Chamaecrista fasciculata (Michx.) Greene

Showy Partridge-Pea

Chamaecrista fasciculata plant

Family - Fabaceae

Habit - Taprooted annual forb, with nodules present on roots.

Stems - Ascending to erect, to 90 cm, with antrorse pubescence, branching, often purplish.

Chamaecrista fasciculata stemStem, stipules, and petiolar glands

Leaves - Alternate, stipulate, petiolate, even-pinnate, with 10-15 pairs of leaflets. Stipules 7-16 mm long, 1-2 mm wide at base, narrowly and usually asymmetrically lanceolate-triangular, long-tapered at tip, with antrorse pubescence, erect, green, prominently veined. Petiole with a gland on the adaxial face, this sessile or occasionally short-stalked, 1.0-1.8 mm in diameter. Leaflets opposite, 10-20 mm long, 2-5 mm wide, oblong, sessile, entire, usually glabrous, glaucous below, green above, mucronate, oblique at the base, the margins short-hairy.

Chamaecrista fasciculata glandGland at base of petiole.

Chamaecrista fasciculata leafLeaf.

Chamaecrista fasciculata leaflet2Leaflets abaxial.

Inflorescence - Axillary clusters of 1-3 flowers, with usually only 1 flower open at a time, the stalks 10-15 mm long, the bracts 3-6 mm long, similar to stipules. Pedicels to 2 cm long, antrorse pubescent.

Chamaecrista fasciculata inflorescence2Inflorescence.

Flowers - Noticeably asymmetric, 25-30 mm in diameter. Sepals 10-12 mm long, 2-3 mm wide, lanceolate, sharply pointed, often hairy. Petals 15-20 mm long, 8-18 mm wide, broadly obovate, clawed, subequal, with one lateral petal curved around the stamens, the lower petal only slightly larger than the others, yellow, some reddish-tinged toward the base, glabrous. Stamens 10, unequal, to 1 cm long, with 9 smaller stamens grouped on one side of the pistil and 1 large stamen on the opposite side, the anthers 6-10 mm long, deep purple. Ovary 4-5 mm long, hairy with white matted hairs, the style 6-7 mm long, becoming glabrous towards apex, curved.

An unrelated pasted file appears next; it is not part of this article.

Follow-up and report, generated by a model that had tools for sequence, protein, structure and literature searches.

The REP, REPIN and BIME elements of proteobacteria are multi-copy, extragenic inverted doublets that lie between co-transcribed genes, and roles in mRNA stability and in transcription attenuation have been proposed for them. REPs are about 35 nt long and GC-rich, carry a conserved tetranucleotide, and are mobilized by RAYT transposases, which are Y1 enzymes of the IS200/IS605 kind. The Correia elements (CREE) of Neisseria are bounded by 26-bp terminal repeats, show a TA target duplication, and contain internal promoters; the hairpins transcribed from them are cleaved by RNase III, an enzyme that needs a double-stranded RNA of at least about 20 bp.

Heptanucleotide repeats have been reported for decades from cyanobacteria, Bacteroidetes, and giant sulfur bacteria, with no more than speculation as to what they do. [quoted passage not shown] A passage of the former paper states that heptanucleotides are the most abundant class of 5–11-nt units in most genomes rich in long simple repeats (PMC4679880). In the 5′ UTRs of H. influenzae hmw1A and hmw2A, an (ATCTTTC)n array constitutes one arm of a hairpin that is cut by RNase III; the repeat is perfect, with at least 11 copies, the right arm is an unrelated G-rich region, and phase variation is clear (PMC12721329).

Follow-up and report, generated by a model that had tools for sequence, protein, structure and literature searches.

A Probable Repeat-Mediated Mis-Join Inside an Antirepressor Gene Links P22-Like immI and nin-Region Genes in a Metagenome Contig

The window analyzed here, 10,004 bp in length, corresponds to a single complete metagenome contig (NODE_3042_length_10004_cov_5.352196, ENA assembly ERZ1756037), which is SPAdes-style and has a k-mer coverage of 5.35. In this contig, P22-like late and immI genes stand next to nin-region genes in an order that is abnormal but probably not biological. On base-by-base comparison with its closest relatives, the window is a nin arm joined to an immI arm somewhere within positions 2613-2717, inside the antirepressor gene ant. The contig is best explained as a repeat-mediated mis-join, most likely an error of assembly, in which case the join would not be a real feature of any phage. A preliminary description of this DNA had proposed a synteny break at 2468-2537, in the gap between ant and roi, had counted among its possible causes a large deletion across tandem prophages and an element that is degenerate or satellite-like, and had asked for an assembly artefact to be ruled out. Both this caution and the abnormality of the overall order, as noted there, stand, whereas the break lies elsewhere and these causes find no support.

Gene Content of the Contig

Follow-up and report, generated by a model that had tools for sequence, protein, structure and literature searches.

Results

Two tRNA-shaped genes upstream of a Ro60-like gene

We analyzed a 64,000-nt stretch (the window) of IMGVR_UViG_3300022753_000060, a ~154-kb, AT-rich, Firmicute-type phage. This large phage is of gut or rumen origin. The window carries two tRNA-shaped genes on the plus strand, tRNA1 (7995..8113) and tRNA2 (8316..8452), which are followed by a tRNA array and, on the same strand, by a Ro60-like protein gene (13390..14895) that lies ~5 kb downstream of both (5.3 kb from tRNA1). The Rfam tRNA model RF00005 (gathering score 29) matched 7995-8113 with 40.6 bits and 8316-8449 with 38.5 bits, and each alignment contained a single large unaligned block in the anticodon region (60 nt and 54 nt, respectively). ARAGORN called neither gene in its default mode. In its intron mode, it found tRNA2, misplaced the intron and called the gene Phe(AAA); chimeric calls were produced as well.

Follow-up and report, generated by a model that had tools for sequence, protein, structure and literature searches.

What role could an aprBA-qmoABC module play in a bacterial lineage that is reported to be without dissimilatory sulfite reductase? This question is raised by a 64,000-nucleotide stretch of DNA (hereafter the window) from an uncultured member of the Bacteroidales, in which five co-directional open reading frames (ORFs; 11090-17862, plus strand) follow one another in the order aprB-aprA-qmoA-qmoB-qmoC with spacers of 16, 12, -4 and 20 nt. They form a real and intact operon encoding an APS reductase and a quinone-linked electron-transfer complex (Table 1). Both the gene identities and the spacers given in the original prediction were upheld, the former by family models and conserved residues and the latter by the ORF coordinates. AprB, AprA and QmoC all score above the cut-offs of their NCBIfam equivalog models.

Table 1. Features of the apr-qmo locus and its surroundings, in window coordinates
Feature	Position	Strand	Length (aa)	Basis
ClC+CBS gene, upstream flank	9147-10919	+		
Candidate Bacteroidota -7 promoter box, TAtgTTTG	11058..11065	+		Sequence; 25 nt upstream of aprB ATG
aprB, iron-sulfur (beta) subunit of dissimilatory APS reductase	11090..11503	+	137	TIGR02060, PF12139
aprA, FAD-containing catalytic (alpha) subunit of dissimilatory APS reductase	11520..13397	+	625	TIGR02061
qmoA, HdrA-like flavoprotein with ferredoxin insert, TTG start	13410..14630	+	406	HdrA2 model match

Chamaecrista fasciculata calyxCalyx.

Chamaecrista fasciculata flowerFlower.

Fruits - Legumes 3-6 cm long, 5-6 mm wide, flattened, sparsely to moderately hairy, especially along the margins, black when fully mature, elastically dehiscent. Seeds 3.2-4.0 mm long, 2.0-2.4 mm wide, nearly square, the surfaces finely pitted, dark brown to black, not shiny.

Chamaecrista fasciculata fruitsImmature fruit.

Flowering - July - October.

Habitat - Upland prairies, glades, forest openings, fields, pastures, roadsides, railroads.

Origin - Native to U.S.

Lookalikes - Chamaecrista nictitans.

Other info. - This pretty plant is found throughout most of Missouri, and across most of the eastern half of the U.S. When in flower it is easy to identify, and the large yellow flowers are easy to spot along roadways. Its close sibling, C. nictitans, looks very similar except which much smaller flowers. When not flowering, the two can be hard to tell apart. The presence or absence of a stalk on the petiolar gland is apparently not reliable, at least for Missouri plants. The fruits of this species are elastically dehiscent and can fling seeds quite a good distance. Hence, the plant spreads quickly and can take over a garden if not controlled carefully. Several infraspecific forms have been described by various authors, based on numerous morphological characters, but these are not formally recognized in Missouri.

The function of the petiolar glands has been investigated in some detail. These secrete a nectar rich in sucrose, attracting a number of different insects. Most of these visitors are ants, which evict eggs and larvae of other insect species from the foliage. Plants which are kept free of ants suffer increased predation from other insects and produce fewer seeds. The pollination biology of the plants is interesting also. The flowers are buzz-pollinated by bumblebees, which are apparently guided by the large floral petal (called the cucullus) which wraps around one group of stamens.

A synonym previously used for the plant is Cassia fasciculata Michx.

Photographs taken off 63rd St, Jackson County, MO., 7-22-00, and in Ellington, MO., 6-7-03 (DETenaglia); also at Weldon Spring Conservation Area, St. Charles County, MO, 7-27-2009, and Little Lost Creek Conservation Area, Warren County, MO, 8-8-2012 (SRTurner).


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